Today, most healthcare organizations have some sort of social media presence. While a couple of doctors and health gurus have cornered the market on major medical celebrity, hospitals and practices simply aim to appeal to a hometown market with their social media posts.
Social media and healthcare can be a powerful thing. You can reach out to patients past and present, build your brand, and showcase your office culture. But this can lead to a dangerous misconception: that organic social media will actually drive more patients to your doors. (It won’t!)
How healthcare organizations misallocate resources in social media marketing
We see this situation come up over and over. A hospital or healthcare organization hires a young professional to assist in their marketing efforts (along with the administrative work). She may be inexperienced in some respects, but she knows a lot about social media. She posts fresh content to your page every day, takes great pictures, and makes sure everything is on-brand.
And what happens next as a result of all these efforts? Very, very little.
You see the occasional “like,” share, or positive comment. Your team feels involved and may share posts on their private pages as well. But at the end of the day, does posting on social media actually drive new patients to your practice or hospital? The chances are slim. Too many healthcare organizations allocate resources into organic social media that simply won’t generate any value in 2018.
Your followers probably aren’t seeing your posts
Facebook’s “fan pages” first launched in 2007, giving marketers an opportunity at a greater social reach than ever before. While healthcare organizations hesitated at first, most businesses jumped at the opportunity for “free advertising” within the first few years.
However, in 2012, it was revealed that only about 16% of Facebook Page posts were actually seen by fans (now known as followers). From 2012-2014, that percentage dropped to about 6.5%. And today, by some estimates, many page posts are only seen by about 2% of your total followers.
This is largely due to Facebook’s 2016 “Friends and Family First” initiative, which promised to help users see more posts from people they really cared about. An organic (unpaid) Facebook post about your latest blog, a new member of your team, or even a new hospital wing will only be seen by a tiny fraction of those already following your page.
Are you putting too much emphasis on a 2% organic Facebook reach?
Think about what 2% organic Facebook reach really means for your organization. Let’s say you have 1,000 followers–an impressive number even for a large local practice. With Facebook’s limited page view algorithm, only 20 people saw your latest post–and far fewer found the post relevant.
Is the solution to gain followers? It certainly couldn’t hurt, but it’s likely not worth the effort. If a local hospital has 20,000 followers on Facebook, that’s still only 400 people who see any given post. And most of those 400 are likely to scroll right past it. It can be extremely difficult to grow a page organically. And it turns out that your posts are probably not as interesting to followers as they are to your internal team.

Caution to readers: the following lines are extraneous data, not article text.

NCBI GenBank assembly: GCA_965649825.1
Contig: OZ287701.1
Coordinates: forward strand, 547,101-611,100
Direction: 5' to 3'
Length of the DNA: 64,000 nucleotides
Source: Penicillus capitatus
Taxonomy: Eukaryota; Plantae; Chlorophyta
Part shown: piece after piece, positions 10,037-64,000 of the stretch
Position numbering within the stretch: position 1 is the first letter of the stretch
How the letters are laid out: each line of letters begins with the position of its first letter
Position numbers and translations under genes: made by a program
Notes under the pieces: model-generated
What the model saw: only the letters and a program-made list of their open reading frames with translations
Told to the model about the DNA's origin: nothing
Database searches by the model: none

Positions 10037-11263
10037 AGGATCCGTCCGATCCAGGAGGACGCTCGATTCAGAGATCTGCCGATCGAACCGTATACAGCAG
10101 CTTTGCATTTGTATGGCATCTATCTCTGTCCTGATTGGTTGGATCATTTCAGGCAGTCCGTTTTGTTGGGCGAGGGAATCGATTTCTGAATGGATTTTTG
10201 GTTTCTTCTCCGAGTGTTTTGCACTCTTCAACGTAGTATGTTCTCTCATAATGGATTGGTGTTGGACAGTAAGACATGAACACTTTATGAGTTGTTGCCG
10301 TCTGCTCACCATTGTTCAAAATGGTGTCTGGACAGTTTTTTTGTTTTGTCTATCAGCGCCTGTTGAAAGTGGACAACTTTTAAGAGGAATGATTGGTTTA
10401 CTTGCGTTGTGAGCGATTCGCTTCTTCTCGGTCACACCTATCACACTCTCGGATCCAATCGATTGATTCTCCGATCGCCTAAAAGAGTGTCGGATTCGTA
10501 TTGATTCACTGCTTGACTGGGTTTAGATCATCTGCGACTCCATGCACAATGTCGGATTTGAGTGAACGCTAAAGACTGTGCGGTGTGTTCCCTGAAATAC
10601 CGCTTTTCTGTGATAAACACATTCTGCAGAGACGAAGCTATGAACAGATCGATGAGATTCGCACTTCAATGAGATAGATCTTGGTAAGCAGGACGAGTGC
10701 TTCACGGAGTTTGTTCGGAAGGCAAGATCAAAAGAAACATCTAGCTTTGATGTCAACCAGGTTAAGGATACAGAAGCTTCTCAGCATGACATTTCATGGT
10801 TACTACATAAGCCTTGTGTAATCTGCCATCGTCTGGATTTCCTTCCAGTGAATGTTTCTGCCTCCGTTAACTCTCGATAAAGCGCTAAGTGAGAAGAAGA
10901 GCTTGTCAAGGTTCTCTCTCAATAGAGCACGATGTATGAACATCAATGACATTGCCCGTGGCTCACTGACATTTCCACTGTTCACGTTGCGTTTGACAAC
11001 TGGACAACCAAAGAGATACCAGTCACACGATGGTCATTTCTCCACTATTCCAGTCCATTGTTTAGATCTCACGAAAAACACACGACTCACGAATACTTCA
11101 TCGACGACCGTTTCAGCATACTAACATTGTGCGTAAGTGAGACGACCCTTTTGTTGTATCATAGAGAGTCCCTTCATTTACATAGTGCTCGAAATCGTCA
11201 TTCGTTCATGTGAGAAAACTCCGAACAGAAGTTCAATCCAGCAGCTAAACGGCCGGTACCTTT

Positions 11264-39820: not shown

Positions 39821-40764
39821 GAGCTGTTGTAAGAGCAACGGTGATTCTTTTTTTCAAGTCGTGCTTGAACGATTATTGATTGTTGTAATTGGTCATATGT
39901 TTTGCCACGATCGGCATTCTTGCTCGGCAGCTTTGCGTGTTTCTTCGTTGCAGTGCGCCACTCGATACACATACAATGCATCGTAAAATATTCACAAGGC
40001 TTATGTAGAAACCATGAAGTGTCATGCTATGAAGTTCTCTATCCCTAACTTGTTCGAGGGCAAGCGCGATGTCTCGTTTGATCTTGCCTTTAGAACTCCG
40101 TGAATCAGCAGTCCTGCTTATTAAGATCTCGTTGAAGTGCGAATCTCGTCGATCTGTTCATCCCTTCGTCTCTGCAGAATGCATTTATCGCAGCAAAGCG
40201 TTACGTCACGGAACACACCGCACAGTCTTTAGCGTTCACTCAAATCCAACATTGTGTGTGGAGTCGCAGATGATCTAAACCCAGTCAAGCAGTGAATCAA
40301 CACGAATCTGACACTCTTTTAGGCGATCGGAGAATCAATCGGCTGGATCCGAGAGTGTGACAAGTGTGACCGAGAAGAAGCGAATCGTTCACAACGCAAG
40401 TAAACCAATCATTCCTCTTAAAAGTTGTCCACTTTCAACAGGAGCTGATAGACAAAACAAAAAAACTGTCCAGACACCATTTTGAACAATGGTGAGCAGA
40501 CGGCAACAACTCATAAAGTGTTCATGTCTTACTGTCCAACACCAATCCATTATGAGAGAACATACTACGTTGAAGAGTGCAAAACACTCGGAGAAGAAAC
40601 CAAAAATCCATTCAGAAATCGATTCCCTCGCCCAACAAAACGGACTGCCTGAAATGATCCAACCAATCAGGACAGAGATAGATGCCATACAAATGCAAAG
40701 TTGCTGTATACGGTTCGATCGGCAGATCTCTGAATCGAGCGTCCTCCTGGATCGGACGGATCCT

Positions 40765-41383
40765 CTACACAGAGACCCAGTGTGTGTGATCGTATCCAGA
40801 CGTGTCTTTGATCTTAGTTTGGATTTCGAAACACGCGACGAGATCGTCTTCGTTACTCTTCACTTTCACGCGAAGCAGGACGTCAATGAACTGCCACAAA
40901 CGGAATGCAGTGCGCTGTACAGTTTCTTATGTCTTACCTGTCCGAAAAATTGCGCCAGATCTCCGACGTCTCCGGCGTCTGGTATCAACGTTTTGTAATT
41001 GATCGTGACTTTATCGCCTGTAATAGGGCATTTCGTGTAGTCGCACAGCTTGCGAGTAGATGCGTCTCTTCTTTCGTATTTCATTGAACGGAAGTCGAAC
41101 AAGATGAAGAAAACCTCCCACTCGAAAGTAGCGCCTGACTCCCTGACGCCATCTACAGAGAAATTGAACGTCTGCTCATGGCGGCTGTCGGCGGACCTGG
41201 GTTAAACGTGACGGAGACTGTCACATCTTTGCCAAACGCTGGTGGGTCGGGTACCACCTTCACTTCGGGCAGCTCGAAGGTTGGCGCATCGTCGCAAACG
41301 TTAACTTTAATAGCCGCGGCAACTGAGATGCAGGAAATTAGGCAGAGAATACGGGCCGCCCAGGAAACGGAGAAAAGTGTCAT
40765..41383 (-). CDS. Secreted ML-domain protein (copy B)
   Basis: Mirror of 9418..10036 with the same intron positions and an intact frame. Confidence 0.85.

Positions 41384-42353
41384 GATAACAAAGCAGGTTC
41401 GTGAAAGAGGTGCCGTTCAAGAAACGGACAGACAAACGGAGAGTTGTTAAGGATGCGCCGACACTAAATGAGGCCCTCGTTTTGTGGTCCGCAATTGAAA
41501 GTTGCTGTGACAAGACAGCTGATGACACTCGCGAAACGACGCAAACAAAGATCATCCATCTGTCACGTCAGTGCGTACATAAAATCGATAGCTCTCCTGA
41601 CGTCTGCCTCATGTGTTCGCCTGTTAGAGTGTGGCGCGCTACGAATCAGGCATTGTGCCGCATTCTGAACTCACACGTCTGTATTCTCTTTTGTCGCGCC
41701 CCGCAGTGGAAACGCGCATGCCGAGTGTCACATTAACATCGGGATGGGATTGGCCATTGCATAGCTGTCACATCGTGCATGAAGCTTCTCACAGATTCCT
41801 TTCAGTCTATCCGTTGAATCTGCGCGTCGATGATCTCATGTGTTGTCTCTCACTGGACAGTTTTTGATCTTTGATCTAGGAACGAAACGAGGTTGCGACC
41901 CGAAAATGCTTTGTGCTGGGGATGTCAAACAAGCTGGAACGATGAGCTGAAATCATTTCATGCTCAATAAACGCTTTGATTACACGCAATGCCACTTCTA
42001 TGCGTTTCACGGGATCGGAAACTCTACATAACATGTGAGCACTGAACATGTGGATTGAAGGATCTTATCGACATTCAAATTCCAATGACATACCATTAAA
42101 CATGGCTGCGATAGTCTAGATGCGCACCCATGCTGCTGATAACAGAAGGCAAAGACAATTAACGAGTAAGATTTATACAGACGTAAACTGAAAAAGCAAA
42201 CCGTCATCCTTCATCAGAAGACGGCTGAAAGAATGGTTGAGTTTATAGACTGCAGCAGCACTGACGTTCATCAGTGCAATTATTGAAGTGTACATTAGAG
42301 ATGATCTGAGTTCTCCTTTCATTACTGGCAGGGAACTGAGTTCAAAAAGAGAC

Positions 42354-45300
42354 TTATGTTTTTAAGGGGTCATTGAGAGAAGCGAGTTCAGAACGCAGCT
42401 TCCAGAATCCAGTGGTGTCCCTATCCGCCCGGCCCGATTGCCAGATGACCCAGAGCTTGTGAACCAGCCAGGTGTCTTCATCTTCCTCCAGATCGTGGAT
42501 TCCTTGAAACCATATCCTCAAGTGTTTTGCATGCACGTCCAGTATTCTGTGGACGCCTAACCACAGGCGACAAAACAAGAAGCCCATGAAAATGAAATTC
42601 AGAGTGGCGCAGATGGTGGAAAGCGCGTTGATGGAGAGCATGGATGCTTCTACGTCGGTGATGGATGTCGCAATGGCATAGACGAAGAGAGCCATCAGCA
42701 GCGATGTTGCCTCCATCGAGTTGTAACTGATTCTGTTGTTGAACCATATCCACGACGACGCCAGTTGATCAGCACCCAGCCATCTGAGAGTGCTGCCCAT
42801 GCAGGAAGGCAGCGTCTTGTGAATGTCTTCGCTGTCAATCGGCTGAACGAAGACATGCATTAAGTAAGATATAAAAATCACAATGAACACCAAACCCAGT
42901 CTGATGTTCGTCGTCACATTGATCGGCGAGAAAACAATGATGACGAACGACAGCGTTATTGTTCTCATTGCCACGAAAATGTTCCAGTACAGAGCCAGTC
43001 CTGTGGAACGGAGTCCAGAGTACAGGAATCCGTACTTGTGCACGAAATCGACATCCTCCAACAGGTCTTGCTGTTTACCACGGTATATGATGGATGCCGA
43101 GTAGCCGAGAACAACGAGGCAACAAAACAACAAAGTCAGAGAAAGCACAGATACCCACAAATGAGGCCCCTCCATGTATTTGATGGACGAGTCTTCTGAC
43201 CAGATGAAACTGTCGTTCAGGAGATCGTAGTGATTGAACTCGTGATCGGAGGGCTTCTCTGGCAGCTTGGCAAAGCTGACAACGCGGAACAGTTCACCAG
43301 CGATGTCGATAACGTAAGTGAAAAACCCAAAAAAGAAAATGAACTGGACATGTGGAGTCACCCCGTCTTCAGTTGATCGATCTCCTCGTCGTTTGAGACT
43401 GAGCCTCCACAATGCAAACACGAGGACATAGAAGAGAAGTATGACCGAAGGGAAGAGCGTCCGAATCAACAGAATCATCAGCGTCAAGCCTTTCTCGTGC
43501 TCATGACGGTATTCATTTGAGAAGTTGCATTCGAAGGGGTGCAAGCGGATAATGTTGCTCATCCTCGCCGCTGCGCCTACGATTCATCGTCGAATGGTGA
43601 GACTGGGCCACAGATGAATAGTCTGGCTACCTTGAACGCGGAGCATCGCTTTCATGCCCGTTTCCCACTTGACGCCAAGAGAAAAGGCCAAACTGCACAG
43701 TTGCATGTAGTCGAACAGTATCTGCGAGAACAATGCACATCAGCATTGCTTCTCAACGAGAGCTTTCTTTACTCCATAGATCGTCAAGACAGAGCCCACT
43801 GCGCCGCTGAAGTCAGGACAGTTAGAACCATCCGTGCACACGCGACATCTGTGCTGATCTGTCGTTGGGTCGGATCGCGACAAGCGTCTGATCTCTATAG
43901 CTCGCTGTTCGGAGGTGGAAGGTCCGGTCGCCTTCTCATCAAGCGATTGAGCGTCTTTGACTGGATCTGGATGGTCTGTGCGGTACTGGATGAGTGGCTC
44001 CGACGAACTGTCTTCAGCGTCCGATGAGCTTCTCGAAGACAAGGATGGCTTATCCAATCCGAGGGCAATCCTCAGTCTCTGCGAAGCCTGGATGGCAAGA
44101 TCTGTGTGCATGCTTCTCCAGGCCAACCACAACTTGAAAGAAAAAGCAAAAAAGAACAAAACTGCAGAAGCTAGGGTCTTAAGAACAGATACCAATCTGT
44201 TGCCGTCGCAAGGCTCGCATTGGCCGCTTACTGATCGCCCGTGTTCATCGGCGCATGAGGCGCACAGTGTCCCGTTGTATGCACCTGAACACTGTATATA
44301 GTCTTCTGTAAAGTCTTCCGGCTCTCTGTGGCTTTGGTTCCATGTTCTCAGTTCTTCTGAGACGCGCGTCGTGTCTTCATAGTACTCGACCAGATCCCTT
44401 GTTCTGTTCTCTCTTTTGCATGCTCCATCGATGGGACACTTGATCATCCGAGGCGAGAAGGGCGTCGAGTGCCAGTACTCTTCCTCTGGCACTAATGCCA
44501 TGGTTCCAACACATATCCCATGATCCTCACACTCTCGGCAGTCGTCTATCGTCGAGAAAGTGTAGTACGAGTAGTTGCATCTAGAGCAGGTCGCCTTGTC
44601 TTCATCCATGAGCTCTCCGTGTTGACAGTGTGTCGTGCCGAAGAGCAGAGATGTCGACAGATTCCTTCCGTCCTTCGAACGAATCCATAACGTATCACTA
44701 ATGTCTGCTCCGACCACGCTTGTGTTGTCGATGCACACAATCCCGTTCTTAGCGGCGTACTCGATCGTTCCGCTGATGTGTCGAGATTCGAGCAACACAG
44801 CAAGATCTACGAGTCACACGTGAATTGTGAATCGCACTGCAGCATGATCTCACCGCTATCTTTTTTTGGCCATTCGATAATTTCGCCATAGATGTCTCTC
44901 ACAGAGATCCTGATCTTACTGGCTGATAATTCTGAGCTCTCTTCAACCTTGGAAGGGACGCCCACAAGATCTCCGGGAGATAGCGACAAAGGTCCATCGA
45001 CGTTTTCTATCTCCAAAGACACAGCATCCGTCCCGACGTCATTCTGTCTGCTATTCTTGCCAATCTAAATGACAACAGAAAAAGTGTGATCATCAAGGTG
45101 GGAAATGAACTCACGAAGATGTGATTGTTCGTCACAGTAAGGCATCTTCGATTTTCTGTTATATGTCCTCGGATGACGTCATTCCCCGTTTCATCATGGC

Let’s face it: most people only interact with a local brand on social media because they have a close connection with it. You might see a lot of likes from your staff or colleagues. And a few grateful patients may bring loyal interactions. But will a gastroenterology practice gain a huge following of prospective patients? An urgent care center? A dentist? It’s doubtful.
Don’t rule out social media altogether
There’s been a lot of talk of organizations pulling out of Facebook altogether with data breaches, but don’t let this scare you. Most people have not abandoned their accounts, and they aren’t planning too. Advertisers make millions with Facebook ads every day– when they treat Facebook like a paid advertising platform.
Paid social media advertising is a way to ensure your posts are seen by the right people at the right time. Using paid social media properly (more on this later) means you reach your target audience, and that they actually see your content in their feed. You can limit your audience by age group, gender, or even interests and habits on both Facebook and Instagram (since the former now owns the latter).
Going beyond the basics with social media and healthcare
We’ve found that one of the toughest things about using paid social media in healthcare is convincing key stakeholders that it works. Beyond that, it’s difficult to see that social media advertising should not be a job for whichever front office employee has the spare time.
Paid social media advertising requires strategy. Otherwise, you end up throwing money away on people who have no interest in your brand. Your social media strategy should include a plan for things like:
- Tracking conversions
- Creating reports and assessing data
- Testing different imagery and wording
- Fine-tuning your custom audience
- Targeting lookalike audiences
The Bottom Line
Organic social media can be a lot of fun. Someone in your office is probably happy to post pictures and make announcements on your page. It helps the whole team feel involved and to have pride in their workplace, and it’s useful for recruiting.
But organic social media shouldn’t be your only marketing strategy. Contrary to popular belief, a Facebook Page or Instagram account is not just “free advertising.” Consider putting a strategy in place that combines the appeal of organic social media with the advertising value of paid social media. All in all, your marketing should be geared toward driving new patients to your practice, and you simply won’t find that with organic social media alone.